Ask any Android purist and they’ll tell you: stock Android is the one true Android. But objectively, it’s not perfect, and there are things that Samsung devices do better than any stock Android device out there—even Google’s own devices.
This partly because of Samsung’s hardware choices and partly because of its software modifications. Samsung does a great job of staying ahead of the latest trends in mobile technology, where many devices that run stock Android—namely the Pixels—seem to fall short.
Here’s a look at a few of those things.
What was once a Google-first feature on the Nexus phones of yesteryear, Google moved away from this convenient tech with the Nexus 5X and 6P phones—a trend that carried on with the Pixel and Pixel 2.
But Samsung has continued offering wireless charging for a long time. Year after year, all of the newest Galaxy flagship phones have included it as a standard. And with Apple finally adopting this tech with their newest iPhones, we likely won’t see it going away any time soon. In fact, you can almost count on the upcoming Pixel phones having it, too.
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But for now, Samsung has Google (and almost everyone else) beat in the Android space.
More Security Options: Iris Scanning, Face Recognition, Intelligent Scan, and More
Samsung does a great job of bringing new tech to the forefront of the Android ecosystem, which includes a lot of forward-thinking security innovations—like iris scanning technology.
Iris Scanning was first introduced on the Galaxy S8 as a new way to secure your phone. Face Recognition was also a part of the system. Now, to be fair, stock Android has had some form of that for years, but the S9 provides the option to use both simultaneously with a feature named Intelligent Scan. This uses both iris data and facial recognition for a double layer of security, all without slowing down the unlocking process at all.
Stock Android’s Trusted Face feature (which is part of Smart Lock) has been more laughable than useful over the years, but Samsung’s facial recognition seems to be much better. It’s probably still not good enough to use on its own, but a combination of this with iris canning in Intelligent Scan is pretty brilliant.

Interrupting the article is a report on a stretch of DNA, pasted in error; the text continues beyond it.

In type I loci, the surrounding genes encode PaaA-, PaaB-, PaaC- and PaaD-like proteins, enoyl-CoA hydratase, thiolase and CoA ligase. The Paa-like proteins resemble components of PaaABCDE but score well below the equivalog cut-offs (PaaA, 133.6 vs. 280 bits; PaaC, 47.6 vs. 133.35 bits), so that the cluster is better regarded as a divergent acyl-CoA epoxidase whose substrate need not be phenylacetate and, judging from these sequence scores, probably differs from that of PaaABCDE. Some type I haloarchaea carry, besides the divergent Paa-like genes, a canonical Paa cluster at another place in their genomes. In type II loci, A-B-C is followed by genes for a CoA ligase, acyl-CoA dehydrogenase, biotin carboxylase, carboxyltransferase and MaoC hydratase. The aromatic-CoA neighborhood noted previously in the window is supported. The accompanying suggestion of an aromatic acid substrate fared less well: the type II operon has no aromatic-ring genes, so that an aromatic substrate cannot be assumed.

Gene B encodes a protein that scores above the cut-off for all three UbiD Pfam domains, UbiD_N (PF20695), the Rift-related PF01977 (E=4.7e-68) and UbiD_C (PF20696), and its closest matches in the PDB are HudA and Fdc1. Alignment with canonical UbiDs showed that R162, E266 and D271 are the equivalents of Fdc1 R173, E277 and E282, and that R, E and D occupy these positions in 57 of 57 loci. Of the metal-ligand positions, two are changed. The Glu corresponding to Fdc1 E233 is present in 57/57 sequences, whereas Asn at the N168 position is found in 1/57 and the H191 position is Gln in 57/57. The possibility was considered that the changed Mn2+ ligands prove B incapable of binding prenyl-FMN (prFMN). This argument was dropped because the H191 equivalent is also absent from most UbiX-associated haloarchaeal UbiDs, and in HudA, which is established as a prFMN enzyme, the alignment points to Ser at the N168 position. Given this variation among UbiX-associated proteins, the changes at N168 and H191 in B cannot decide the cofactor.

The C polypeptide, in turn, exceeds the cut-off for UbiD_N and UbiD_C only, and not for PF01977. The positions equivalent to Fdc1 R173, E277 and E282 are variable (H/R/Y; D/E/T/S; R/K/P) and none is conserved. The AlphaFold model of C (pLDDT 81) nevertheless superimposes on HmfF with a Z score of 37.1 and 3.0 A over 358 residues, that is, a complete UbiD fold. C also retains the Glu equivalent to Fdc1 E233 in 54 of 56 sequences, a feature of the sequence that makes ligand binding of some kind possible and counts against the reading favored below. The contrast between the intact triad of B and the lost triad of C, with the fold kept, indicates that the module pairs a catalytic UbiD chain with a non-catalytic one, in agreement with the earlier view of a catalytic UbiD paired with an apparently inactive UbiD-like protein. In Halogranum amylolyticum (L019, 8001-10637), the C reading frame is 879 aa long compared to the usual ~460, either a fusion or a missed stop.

Meaningful Hardware Features
Like we’ve already established, Samsung is generally at the forefront of emerging tech. It’s quick to add cool and upcoming tech to its devices, like wireless charging starting with the Galaxy S5, iris scanning on the S8, and the latest Bluetooth tech as it shows up.
The last one is a pretty big deal, because starting with Bluetooth 5.0, the feature itself got a lot better. And while most flagship phones at this point have BT 5.0, a Bluetooth feature that’s less common in smartphones is ANT+. This is important for any fitness enthusiast who wants to use things like heart rate sensors with their smartphone, and Samsung has included it by default since the S4.
By contrast, many popular Android phones require a dongle for ANT+ connectivity, which is annoying and cumbersome. Sure, it’s not a big deal for anyone who doesn’t need ANT+, but it’s just another example of Samsung including extra features its users may want or need.
Customizable Navigation Bar and One Handed Mode
It’s not just about the hardware features Samsung throws in, either—the company includes some pretty useful tweaks in its software layer too.
When it made the jump from [those awful] capacity navigation keys and a physical home button to on-screen navigation, Samsung also included a way to rearrange those buttons. It’s not a huge deal, but little touches like that really make a big difference. If you’re a long-time Samsung user, you can stick with the company’s traditional recents-home-back layout; if you’re coming from a different phone, however, you can change it to the stock Android back-home-recents layout.
Similarly, and arguably even better, most flagship Samsung devices since the Galaxy Note 5 have included one-handed mode—even the “smaller” variants of the S8 and S9. This is an absolute game changing for using your handset with just one hand, as a quick gesture is all it takes to switch from a full-size screen to a much smaller and more manageable size (and back again). This is something Google desperately needs to add to stock Android.
CHEAP SHOT: A Headphone Jack
You know what the latest Pixel phones don’t have? A headphone jack. You know what a lot of people miss? The headphone jack.
Well, Samsung hasn’t killed the headphone jack yet, and something tells me they probably won’t—at least not anytime soon.
Of course, none of this is to say that Samsung is the perfect phone maker—far from it, in fact. For all the things it does well, there’s still one huge mistake that can be applied to every one of its phones: timely OS updates. While it has gotten better over the last several years, there’s still a lot of work to be done here to really compare to Google when it comes to this all-important (arguably the most important) feature.
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